The problem was that purity requires a business model to support it and in 2000 the venture capitalists who had invested in Google pointed out to the boys that they didn’t have one. So they invented a model that involved harvesting users’ data to enable targeted advertising. And in the four years between that capitulation to reality and the flotation, Google’s revenues increased by nearly 3,590%. That kind of money talks.
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Rana Foroohar has adopted the Google mantra as the title for her masterful critique of the tech giants that now dominate our world…

Read on

Facebook contradictions

Proud announcement from Facebook:

Today, we removed four separate networks of accounts, Pages and Groups for engaging in coordinated inauthentic behavior on Facebook and Instagram. Three of them originated in Iran and one in Russia, and they targeted a number of different regions of the world: the US, North Africa and Latin America. All of these operations created networks of accounts to mislead others about who they were and what they were doing. We have shared information about our findings with law enforcement, policymakers and industry partners.

We’re constantly working to detect and stop this type of activity because we don’t want our services to be used to manipulate people.

To which Charles Arthur comments: “I thought manipulating people was basically the point.” Which it is. It’s just that apparently some kinds of manipulation are verboten. And of course, as Charles says, this is just the stuff they’re catching.

Sauce for the goose…

You have to hand it to Elizabeth Warren sometimes. Annoyed (as I am) about Facebook’s insistence on continuing to allow untruthful political ads to run on the platform, Warren placed an untruthful ad herself to see what happened (and, clearly, to annoy Mark Zuckerberg. Here’s the gist of the NYT report of the jape:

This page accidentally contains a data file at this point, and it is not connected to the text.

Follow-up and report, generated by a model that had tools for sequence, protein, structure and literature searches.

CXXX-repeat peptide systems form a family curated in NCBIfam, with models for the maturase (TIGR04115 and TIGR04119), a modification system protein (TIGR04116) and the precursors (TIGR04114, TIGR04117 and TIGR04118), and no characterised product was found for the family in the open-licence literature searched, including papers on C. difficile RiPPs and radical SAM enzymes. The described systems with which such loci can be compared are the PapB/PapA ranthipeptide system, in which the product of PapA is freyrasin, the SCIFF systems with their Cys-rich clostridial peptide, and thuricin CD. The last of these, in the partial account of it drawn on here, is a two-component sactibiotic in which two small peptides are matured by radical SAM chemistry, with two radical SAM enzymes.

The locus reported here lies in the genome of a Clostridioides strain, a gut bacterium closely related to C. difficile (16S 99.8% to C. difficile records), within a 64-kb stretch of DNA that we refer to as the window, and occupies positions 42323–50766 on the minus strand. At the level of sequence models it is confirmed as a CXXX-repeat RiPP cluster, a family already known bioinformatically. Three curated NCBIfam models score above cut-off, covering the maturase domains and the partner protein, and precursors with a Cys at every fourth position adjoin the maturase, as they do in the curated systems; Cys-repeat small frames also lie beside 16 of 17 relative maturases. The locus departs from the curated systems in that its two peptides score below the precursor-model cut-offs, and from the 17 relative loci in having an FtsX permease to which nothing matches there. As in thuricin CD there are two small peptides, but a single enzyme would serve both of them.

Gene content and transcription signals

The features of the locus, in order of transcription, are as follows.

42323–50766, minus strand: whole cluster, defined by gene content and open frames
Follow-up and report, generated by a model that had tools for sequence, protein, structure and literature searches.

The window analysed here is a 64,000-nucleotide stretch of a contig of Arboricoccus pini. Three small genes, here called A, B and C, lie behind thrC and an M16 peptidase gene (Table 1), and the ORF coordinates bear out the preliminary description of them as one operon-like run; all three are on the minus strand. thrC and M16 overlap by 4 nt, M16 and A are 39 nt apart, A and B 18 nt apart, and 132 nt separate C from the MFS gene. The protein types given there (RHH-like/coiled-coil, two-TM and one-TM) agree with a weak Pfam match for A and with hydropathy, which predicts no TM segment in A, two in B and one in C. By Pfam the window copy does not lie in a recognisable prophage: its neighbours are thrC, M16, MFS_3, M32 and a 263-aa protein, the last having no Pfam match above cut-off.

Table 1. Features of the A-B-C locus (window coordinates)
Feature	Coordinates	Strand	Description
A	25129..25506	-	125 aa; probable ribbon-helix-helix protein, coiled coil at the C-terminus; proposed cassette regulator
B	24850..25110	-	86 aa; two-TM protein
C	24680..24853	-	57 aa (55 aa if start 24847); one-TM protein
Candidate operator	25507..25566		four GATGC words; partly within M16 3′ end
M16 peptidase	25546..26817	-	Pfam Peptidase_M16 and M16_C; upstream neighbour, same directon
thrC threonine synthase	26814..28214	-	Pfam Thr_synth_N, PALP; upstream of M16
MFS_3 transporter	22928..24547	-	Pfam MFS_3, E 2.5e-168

The Democratic presidential candidate bought a political ad on the social network this past week that purposefully includes false claims about Facebook’s chief executive, Mark Zuckerberg, and President Trump to goad the social network to remove misinformation in political ads ahead of the 2020 presidential election.

The ad, placed widely on Facebook beginning on Thursday, starts with Ms. Warren announcing “Breaking news.” The ad then goes on to say that Facebook and Mr. Zuckerberg are backing the re-election of Trump. Neither Mr. Zuckerberg nor the Silicon Valley company has announced their support of a candidate.

“You’re probably shocked, and you might be thinking, ‘how could this possibly be true?’ Well, it’s not,” Ms. Warren said in the ad.

In a series of tweets on Saturday, Ms. Warren, a senator from Massachusetts, said she had deliberately made an ad with lies because Facebook had previously allowed politicians to place ads with false claims. “We decided to see just how far it goes,” Ms. Warren wrote, calling Facebook a “disinformation-for-profit machine” and adding that Mr. Zuckerberg should be held accountable.

Lovely.